NZ Gaming Machine Association criticises levy increase

The Gaming Machine Association claims problem gambling rates had remained the same.
The Gaming Machine Association claims problem gambling rates had remained the same.

Authorities plan to increase the Problem Gambling budget from NZ$60.3m to NZ$76.1m (US$50.8m) over the next three years.

New Zealand.- The New Zealand Gaming Machines Association has criticised plans to increase the problem gambling levy. It’s called for evidence to show that the tax is reducing problem gambling rates.

Director Peter Thrush said the problem gambling rate had remained unchanged for 15 years at 0.2 per cent of adults. However, Andree Froude of the Problem Gambling Foundation said the 0.2 per cent comprised only the most at risk gamblers in the country and that the number of people who struggle with gambling was much higher but hard to quantify.

The Department of Health has proposed raising the budget for problem gambling to NZ$76.1m (US$50.8m) over the next three years. The budget was previously at NZ$60.34m. Authorities said the increase would be a strategic and culturally appropriate programme of de-stigmatisation targeting Māori, Pacific Islander and Asian communities.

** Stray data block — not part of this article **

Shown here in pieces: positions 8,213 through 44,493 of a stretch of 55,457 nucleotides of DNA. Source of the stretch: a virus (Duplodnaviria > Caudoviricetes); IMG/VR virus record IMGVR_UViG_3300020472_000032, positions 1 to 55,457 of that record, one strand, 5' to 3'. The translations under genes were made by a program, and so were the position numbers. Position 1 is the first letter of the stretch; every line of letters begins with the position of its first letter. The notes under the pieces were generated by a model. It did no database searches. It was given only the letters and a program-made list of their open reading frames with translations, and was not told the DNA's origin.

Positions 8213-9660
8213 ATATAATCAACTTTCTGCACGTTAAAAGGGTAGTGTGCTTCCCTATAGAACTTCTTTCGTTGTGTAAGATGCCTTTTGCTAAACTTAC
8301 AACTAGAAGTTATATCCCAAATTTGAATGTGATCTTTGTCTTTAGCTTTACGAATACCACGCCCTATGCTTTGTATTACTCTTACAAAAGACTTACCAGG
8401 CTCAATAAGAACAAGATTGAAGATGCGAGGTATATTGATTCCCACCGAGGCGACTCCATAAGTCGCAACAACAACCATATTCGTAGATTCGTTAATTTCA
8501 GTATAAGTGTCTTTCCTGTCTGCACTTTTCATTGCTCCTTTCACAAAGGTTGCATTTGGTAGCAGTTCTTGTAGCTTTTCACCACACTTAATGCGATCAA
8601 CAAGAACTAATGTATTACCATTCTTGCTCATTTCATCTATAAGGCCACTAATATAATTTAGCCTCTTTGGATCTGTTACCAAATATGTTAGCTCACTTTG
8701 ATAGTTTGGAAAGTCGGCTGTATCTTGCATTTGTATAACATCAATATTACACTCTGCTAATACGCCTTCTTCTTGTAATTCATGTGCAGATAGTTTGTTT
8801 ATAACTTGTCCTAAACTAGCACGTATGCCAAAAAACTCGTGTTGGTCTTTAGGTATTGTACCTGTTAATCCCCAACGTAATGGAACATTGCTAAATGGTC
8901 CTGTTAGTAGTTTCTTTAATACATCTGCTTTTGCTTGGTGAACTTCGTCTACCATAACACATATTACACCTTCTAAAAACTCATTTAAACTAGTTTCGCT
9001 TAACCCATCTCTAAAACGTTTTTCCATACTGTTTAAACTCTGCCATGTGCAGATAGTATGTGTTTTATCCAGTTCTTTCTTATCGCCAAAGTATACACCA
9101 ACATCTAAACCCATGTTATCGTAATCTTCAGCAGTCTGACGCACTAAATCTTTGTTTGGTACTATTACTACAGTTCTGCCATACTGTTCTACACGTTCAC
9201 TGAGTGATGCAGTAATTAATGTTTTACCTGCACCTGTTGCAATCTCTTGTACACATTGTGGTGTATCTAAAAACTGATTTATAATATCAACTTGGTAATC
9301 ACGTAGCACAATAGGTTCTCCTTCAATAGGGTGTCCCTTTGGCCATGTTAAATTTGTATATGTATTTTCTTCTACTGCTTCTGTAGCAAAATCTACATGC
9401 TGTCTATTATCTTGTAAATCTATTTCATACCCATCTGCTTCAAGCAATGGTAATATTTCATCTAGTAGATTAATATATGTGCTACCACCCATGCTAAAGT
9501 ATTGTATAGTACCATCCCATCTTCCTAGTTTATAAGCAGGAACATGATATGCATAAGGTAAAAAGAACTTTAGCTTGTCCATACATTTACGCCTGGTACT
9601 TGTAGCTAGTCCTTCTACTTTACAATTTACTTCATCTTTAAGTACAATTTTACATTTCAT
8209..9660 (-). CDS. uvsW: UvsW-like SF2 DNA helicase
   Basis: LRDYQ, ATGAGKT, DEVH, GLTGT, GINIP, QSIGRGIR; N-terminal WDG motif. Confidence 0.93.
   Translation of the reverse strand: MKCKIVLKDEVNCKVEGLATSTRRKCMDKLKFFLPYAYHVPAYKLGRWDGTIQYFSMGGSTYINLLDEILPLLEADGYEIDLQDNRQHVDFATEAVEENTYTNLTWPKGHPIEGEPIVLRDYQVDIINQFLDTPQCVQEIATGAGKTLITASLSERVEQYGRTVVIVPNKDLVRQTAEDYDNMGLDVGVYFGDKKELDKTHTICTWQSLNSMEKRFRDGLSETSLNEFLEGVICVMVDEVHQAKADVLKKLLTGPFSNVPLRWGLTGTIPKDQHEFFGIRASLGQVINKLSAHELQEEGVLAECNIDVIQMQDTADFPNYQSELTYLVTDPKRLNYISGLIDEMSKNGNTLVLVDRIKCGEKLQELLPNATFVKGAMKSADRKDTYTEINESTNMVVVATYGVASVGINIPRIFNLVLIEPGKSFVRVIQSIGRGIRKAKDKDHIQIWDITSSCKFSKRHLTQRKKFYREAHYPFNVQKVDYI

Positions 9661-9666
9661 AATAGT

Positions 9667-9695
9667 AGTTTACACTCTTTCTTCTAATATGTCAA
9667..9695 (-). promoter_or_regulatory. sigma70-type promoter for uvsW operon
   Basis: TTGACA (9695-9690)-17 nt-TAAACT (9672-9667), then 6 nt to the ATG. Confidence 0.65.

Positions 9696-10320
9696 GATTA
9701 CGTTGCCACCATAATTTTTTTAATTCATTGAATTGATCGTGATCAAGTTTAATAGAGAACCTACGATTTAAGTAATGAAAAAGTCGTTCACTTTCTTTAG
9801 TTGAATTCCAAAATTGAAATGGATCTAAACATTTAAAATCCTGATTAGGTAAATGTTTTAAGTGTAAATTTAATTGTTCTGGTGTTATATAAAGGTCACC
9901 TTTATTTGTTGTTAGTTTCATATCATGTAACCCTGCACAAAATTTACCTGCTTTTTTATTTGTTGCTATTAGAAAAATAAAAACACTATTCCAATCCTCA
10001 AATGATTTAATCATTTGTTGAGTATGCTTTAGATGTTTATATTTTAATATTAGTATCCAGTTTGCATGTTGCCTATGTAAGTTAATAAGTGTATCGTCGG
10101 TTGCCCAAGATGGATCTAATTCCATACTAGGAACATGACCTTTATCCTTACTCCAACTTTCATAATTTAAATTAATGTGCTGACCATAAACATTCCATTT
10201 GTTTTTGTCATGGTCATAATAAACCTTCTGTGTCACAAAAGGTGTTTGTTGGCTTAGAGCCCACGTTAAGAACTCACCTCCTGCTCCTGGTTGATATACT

Currently, gambling machines pay 1.3 per cent of profits to the levy while Lotto, considered the least addictive form of gambling, pays 0.4 per cent. Thrush said the proposed changes could result in an additional NZ$8m being taxed from machines.

He said authorities should focus funding on the installation of facial recognition technology in bars and other establishments to identify problem gamblers and those who have asked to self-exclude. This is estimated to require NZ$6m.

Andree Froude said public health measures are needed to reduce the harms of gambling, inclusing focusing on moderate addicts.

She said: “It is important we make people aware that if they spend a lot of time in front of a pokie machine, or get into that zone, they could be facing harm. Stigma is a tricky issue, which is why we are focusing on breaking those barriers to help in this new strategy.”

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